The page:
Part seven of eight. Watch the others:
- Part one, A Focus on Muda
- Part two, Overproduction
- Part three, Excess Inventory
- Part four, Excess Conveyance
- Part five, Motion
- Part six, Waiting
- Part eight, Processing
Hi everyone. I’m Art Smalley, president of Art of Lean, Incorporated. Today, on behalf of the Lean Enterprise Institute, we’re going to do a series of short video clips–each one about the seven classic forms of waste from the Toyota Production System. Stick around. I think you’ll enjoy them.
Waste No. 6. Let’s call this one the waste of defects. Over the years, it has been called a number of things. It started off being called the waste of defects inside of Toyota. It means scrap, rework, or any nonconformance that gets created—none of that is value-add, none of that desired by the customer; it’s subtracting from your bottom line and causing frustration.
Defects can occur in many different forms, so you need to be very inclusive when you think about this; it can be in raw material form that, you know, comes from a supplier in nonconformance. It can come in purchased parts from a supplier that aren’t exactly right to the specifications that we need. It could be internal parts that we made that might have little processing defects or things that are unacceptable, or we have to rework a second time in order to get right. Or it can be, of course more dangerously, in our finished goods, higher up the value chain when it’s nearly complete, and we put more time and energy into it. And then, God forbid, something that gets to customers and causes problems at their end.
The farther it goes down the stream, the worse it is for our reputation, the higher it is in terms of cost, and the greater the waste is from an overall perspective. Now, I’ve listed this waste as number six, but frankly, you can make a good argument that it’s No. 1 or No. 2. Why is that? Well, think of the Toyota Production System and its original pillars. One is just in time, the other’s jidoka, for building quality. The oldest of the two is actually jidoka, make it right the first time, building quality at the station. That’s older than the just-in-time pillar. So, if you want to start with this [waste of defects] as No. 1, and then have the second, third, fourth, and fifth off that, fine by me.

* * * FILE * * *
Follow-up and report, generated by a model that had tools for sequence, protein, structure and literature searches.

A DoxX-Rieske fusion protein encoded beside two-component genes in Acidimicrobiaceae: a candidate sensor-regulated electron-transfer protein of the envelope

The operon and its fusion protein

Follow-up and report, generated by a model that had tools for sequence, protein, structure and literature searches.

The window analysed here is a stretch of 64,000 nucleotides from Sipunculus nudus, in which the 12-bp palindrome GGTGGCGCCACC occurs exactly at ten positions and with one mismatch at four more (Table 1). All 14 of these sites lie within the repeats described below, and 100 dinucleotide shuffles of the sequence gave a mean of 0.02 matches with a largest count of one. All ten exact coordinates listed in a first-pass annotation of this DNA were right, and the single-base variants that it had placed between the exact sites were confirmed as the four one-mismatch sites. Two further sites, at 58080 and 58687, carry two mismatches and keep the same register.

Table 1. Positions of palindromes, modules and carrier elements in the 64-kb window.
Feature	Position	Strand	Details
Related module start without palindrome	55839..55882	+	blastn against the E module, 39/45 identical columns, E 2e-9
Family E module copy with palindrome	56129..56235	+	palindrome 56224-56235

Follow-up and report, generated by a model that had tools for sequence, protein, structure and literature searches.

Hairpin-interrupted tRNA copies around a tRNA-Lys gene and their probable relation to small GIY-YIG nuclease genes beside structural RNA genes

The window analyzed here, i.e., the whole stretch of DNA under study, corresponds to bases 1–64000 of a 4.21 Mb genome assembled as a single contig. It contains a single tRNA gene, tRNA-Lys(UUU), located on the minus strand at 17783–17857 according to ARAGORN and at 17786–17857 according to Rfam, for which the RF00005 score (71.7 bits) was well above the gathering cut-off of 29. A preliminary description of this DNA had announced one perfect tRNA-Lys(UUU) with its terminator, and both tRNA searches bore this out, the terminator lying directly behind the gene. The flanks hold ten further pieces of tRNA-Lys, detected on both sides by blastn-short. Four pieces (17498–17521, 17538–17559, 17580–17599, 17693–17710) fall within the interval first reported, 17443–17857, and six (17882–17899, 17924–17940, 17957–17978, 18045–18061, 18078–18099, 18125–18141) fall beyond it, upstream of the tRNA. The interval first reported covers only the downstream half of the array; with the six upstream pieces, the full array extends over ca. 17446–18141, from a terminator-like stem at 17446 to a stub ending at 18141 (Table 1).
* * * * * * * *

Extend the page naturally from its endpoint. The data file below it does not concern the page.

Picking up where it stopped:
Toyota said overproduction is the worst, so I’ve always had that first, but you know, we can debate these things. And it does, in reality, it does immensely depend upon the environment and place you’re in. I’ve been in factories that said Art, I would love to be able to overproduce right now. We’re under–producing like mad. We can’t keep up with our schedules, or we’re supplier-constrained or capacity-constrained. We can barely get things out on time. It would be a dream if I could overproduce right now. Their problem, in many of those facilities, part of their constraint problem, is quality. Something from a supplier, something from an internal manufacturing process, something from a final assembly or shipping point of view, isn’t going right. And that is a huge waste that stops them from achieving their annual plans, goals, and things like that.
And frankly, nobody likes defects. Customers don’t, employees don’t, and, of course, professionals in the field and the quality field don’t. Nobody likes defects. We all know they subtract from the bottom line. They’re a huge waste. And even though I’m listing it at number six, you got to argue when you realize this is either No. 1 or No. 2, in terms of affecting your company’s bottom line and causing problems overall.
Nothing’s worse than the cost of quality, the cost of nonconformance, the total cost and yield losses, and things that often come lumped under this. It is a huge waste, an immense area of opportunity for improvement. Sometimes there are little things you can do. Sometimes there are deeper, what I call type–two problems that have to be solved with root cause analysis, but make no mistake. The waste of a defect correction, rework repair in any form is a horrible waste and something you have to focus on to show your customers that you care and your employees that you care about making things better.
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